Form I-862 Notice To Appear In Immigration Court

Form I-862 Notice To Appear In Immigration Court

An In-Depth Look at the “Notice To Appear” Document

I have previously explored how immigrants first find themselves in immigration court proceedings and we discussed what you should know if you receive a Notice to Appear. The NTA is one of the most critical documents in the process, so this week we take a in-depth look.

This is what the NTA looks like. At the top is some very important information — the Respondent’s name, address (or what the Department of Homeland Security believes is the current address), and the alien registration number. The alien registration number, commonly known as the “A number”, is how the court (and many of other immigration agencies) keeps track of individuals.

Government’s charges

Let’s skip ahead on the page a little bit. In the bottom half of the NTA (or sometimes on the addendum page), it says “on the basis of the foregoing, it is charged that you are subject to removal from the United States pursuant to the following provision(s) of law . . .” This is where the government (specifically, the Department of Homeland Security) lays out the sections of the Immigration and Nationality Act that it charges have been violated. Or, said another way, this is why the government believes that an individual can be deported. Let’s take a look at some common charges:

“Section 237(a)(1)(B) [of the INA] in that after admission as a nonimmigrant . . ., you have remained in the United States for a time longer than permitted.” This is commonly known as the “overstay” charge: an individual entered the United States with proper authorization (as a tourist, or as a temporary employee), but remained in the U.S. after that authorization expired.

“Section 237(a)(2) . . . in that you are an alien who . . . has been convicted of a crime involving. . .”. Under this section, the government may deport individuals who have been convicted of crimes involving theft, fraud, sexual abuse, drugs, and rock and roll.*

“Section 212(a)(6)(A)(i) [of the INA] in that you are an alien present in the United States without being admitted or paroled.” This is the “catch-all” charge: The government isn’t sure how or when an individual entered, but a check of the database indicates that the Respondent has no current authorization to be in the United States.

* I’m kidding about the rock and roll — just making sure you are paying attention.

Factual Allegations

As in a criminal complaint, the alleged facts are geared toward supporting the government’s charges. In the criminal justice system, the prosecutor has the burden of proof to show that the evidence supports that a crime has occurred. In immigration, the government has the burden of proof to show that an individual is deportable. If the Department of Homeland Security is unable to meet that burden, then the Immigration Judge may “terminate proceedings” and decide that the government has failed to meet its burden to prove that an individual is subject to deportation from the United States.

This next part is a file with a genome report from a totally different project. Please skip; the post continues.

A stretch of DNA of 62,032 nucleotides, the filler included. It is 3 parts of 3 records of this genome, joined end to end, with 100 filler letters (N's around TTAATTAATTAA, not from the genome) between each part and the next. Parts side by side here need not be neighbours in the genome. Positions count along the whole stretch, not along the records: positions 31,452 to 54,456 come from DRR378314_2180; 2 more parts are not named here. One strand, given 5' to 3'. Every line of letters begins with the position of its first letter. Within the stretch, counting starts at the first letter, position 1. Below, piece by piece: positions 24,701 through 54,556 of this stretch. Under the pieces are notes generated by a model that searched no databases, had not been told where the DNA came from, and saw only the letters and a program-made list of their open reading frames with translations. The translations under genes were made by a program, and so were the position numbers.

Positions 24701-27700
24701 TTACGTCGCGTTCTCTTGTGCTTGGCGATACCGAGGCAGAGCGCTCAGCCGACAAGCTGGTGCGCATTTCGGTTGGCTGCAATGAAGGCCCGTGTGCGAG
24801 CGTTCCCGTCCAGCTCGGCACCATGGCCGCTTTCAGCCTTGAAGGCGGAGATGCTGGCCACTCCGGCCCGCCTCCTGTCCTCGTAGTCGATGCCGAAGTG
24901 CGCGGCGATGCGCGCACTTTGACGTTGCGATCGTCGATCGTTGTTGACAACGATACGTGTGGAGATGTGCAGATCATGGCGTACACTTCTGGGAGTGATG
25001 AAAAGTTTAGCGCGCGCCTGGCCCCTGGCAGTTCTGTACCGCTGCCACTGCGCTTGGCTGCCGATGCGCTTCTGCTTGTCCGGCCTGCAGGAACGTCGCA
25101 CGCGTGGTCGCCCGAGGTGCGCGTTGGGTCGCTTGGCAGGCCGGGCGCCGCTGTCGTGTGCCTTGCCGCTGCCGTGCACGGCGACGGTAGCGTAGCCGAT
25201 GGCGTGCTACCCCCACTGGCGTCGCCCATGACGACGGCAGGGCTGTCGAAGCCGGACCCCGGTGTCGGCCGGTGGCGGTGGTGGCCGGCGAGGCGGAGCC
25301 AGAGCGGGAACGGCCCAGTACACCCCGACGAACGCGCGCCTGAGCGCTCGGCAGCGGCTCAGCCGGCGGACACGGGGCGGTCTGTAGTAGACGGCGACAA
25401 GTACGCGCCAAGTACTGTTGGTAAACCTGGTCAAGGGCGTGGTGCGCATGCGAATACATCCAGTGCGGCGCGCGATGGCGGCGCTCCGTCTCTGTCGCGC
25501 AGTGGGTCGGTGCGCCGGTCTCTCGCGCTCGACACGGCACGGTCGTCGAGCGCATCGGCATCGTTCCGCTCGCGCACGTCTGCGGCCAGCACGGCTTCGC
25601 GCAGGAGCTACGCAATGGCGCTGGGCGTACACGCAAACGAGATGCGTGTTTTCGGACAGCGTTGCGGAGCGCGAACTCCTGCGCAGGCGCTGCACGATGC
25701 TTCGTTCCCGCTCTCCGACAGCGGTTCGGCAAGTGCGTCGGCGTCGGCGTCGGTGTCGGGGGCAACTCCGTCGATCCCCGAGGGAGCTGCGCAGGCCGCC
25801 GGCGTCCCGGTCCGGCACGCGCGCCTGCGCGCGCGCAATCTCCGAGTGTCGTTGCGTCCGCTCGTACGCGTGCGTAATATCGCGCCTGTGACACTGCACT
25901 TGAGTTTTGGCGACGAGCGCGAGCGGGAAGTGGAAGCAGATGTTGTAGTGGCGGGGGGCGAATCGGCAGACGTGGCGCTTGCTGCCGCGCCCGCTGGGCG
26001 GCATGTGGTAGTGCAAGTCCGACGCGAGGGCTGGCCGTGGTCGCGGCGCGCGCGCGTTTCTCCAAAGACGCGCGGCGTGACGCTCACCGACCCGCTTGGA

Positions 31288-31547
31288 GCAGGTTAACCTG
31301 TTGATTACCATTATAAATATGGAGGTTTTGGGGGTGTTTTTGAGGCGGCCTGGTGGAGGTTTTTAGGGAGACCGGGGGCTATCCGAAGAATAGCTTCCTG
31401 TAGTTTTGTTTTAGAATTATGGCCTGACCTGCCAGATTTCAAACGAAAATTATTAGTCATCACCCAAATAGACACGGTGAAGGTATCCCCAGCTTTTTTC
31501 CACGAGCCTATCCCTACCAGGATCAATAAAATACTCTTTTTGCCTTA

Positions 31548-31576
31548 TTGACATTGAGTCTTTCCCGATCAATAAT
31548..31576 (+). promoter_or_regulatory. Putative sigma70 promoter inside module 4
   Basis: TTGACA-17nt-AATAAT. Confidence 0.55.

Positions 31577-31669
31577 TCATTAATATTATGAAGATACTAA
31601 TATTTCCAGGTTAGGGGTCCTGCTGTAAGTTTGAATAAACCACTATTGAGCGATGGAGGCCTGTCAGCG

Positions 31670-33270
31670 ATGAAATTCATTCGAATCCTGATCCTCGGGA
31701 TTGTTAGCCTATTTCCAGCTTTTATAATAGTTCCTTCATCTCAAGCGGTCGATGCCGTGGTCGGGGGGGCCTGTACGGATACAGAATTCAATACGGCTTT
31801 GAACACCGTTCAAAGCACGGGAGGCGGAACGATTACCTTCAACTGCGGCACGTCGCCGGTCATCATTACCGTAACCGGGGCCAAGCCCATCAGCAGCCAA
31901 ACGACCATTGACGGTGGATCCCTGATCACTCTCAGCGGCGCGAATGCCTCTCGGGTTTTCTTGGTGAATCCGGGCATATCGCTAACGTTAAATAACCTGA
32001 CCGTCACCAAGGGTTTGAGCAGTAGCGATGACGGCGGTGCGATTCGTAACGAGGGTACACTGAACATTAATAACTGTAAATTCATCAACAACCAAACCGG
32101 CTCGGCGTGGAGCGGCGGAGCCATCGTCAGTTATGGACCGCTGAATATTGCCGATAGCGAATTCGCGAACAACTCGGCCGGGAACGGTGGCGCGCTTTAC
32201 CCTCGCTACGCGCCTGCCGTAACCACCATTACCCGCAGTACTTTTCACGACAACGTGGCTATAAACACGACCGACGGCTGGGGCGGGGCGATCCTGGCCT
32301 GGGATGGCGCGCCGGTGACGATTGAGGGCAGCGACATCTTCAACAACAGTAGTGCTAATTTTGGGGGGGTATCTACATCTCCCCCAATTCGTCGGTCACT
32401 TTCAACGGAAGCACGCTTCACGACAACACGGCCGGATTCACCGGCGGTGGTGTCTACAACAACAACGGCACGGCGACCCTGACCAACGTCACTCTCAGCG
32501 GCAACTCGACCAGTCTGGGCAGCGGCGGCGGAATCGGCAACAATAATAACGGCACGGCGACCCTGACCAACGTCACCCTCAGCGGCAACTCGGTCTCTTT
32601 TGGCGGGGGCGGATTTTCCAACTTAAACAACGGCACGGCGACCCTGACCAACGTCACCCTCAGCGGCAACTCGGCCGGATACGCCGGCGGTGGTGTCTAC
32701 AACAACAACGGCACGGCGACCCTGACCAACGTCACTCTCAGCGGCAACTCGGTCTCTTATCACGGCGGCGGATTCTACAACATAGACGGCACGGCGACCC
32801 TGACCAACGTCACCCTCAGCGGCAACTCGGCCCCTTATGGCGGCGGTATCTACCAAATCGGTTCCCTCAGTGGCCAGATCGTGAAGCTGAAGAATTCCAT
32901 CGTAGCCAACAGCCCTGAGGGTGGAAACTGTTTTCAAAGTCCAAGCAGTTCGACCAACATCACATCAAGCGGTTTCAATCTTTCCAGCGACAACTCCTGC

The first factual allegation is always “You are not a citizen or national of the United States.” This is because U.S. citizens cannot be deported. (Or they’re not supposed to be.)

For “overstays”, the factual allegations usually include the date of entry to the United States, the non-immigrant category at entry, and the date that the authorization to remain in the United States expired. The next allegation is usually “you have remained in the United States longer than permitted.”

For the “we have no idea how you got here” cases, the factual allegations state that a Respondent entered “the United States at or near an unknown place, on or about an unknown date.”

For the “we want to take away your green card” cases, the factual allegations will state the date that an individual became a lawful permanent residence and the events that occurred afterward that trigger deportability. For instance, “you were, on _(date)__ convicted in the Superior Court of California for the offense of _____ in violation of Section ___ of the California Penal Code.”

“Ordered To Appear”

If you don’t understand anything else on the NTA, this is the section to read. It states the date, time, and location of the Immigration Court at which a Respondent must appear for the first hearing in front of the Immigration Judge. (And we’ve already covered what happens if an individual does NOT appear in court.)

What happens if this section says “on a date to be set at a time to be set”? That makes it even more important to make sure that the Immigration Court has the correct address. At some point, the Court will send a Notice of Hearing that provides the vital information regarding the date and time of the hearing.

Important Stuff in the Fine Print

The second page of the NTA contains important advisals:

Respondents may be represented by counsel in immigration court. However, the government does not provide counsel or pay for the representation. (There have been proposals to compel the government to provide counsel for unaccompanied minors and for the mentally ill.)

Respondents have the right to present evidence, challenge the government’s evidence, cross examine witnesses, apply for relief from deportation, and appeal any adverse decisions by the Immigration Judge.

And, not to put too fine a point on it, but that requirement about notifying the Department of Homeland Security and the Immigration Court of any address changes: right there on page 2.

If you are interested in discussing your situation in more detail, I invite you to contact me.

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